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The Oppression Remedy

2 minute read

The oppression remedy is widely acknowledged as being one of the most powerful weapons in the arsenal of shareholders and other corporate stakeholders.

Where a proper complainant proves that the affairs of a corporation are or have been carried out in a manner that is “oppressive” or “unfairly prejudicial” to or in “unfair disregard” of its interests, that complainant can ask for an order to remedy the effects of that conduct. The oppression remedy is set out in broad terms in most of the provincial Business Corporations Acts, as well as the Canada Business Corporations Act; that broad remedy really gives the court the ability to apply equity-like powers, including to regularize corporate affairs, set aside or amend contracts, compel directors to act, and even to order that the securities of a shareholder to be purchased at fair value by the corporation or another shareholder.

To assert a claim for oppression, a stakeholder must first show that it has a “reasonable expectation” with respect to the behaviour of the corporation, its officers or directors. Whether the stakeholder indeed had a “reasonable expectation” is a fact-specific inquiry, with consideration of general commercial practice, the nature of the corporation, the relationship between the parties, past practices and other factors.

Once the claimant has established its reasonable expectation, it must demonstrate that the corporation's failure to meet this expectation caused detrimental consequences that amount to "oppression," "unfair prejudice," or "unfair disregard" of its interest.

There are no clear definitions of these terms. Generally, "oppression" involves conduct that is coercive, abusive, burdensome, harsh, in bad faith, an abuse of power, or some other kind of serious wrong. “Unfair prejudice" and “unfair disregard” involve a less culpable state of mind and include conduct such as providing certain shareholders with a disproportionate economic benefit or simply ignoring the claimant's interest in a manner that is contrary to its reasonable expectations.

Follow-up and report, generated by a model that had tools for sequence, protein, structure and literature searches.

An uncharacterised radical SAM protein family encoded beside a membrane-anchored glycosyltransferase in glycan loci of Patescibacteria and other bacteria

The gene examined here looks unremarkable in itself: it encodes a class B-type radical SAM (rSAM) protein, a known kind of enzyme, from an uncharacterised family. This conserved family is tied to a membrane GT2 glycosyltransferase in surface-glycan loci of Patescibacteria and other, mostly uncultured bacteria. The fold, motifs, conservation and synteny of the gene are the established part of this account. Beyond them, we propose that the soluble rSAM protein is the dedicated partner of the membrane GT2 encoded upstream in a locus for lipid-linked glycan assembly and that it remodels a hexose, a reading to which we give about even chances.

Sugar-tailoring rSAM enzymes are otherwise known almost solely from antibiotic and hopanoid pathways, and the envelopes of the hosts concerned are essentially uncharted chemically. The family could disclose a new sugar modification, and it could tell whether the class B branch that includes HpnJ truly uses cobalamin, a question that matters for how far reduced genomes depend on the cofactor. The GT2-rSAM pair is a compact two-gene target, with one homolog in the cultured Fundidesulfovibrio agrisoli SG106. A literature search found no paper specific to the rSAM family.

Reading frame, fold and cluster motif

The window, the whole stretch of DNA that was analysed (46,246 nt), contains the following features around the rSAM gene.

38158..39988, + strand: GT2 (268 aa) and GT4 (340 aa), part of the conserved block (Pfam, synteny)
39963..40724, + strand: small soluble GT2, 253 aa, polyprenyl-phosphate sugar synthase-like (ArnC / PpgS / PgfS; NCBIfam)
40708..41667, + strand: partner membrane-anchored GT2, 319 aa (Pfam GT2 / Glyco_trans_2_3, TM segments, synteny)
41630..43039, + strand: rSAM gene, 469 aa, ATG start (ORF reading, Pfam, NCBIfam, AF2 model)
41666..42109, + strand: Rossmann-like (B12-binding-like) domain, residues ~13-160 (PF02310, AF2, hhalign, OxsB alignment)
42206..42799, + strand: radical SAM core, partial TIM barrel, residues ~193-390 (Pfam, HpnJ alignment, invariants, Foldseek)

Intriguingly, although the oppression remedy is still most often used by minority shareholders, the remedy is available to a range of other corporate stakeholders, including directors and officers, and even secured and unsecured creditors.

Perhaps classically, the oppression remedy is most frequently resorted to in the context of closely-held corporations, where the “compact of stakeholders” resembles a “partnership”. However, shareholders in publicly-traded corporations can also resort to oppression remedy claims, often taking the form of shareholder misrepresentation claims. The reasonable expectations of shareholders in public markets are often informed by the public pronouncements of corporations and their officers.

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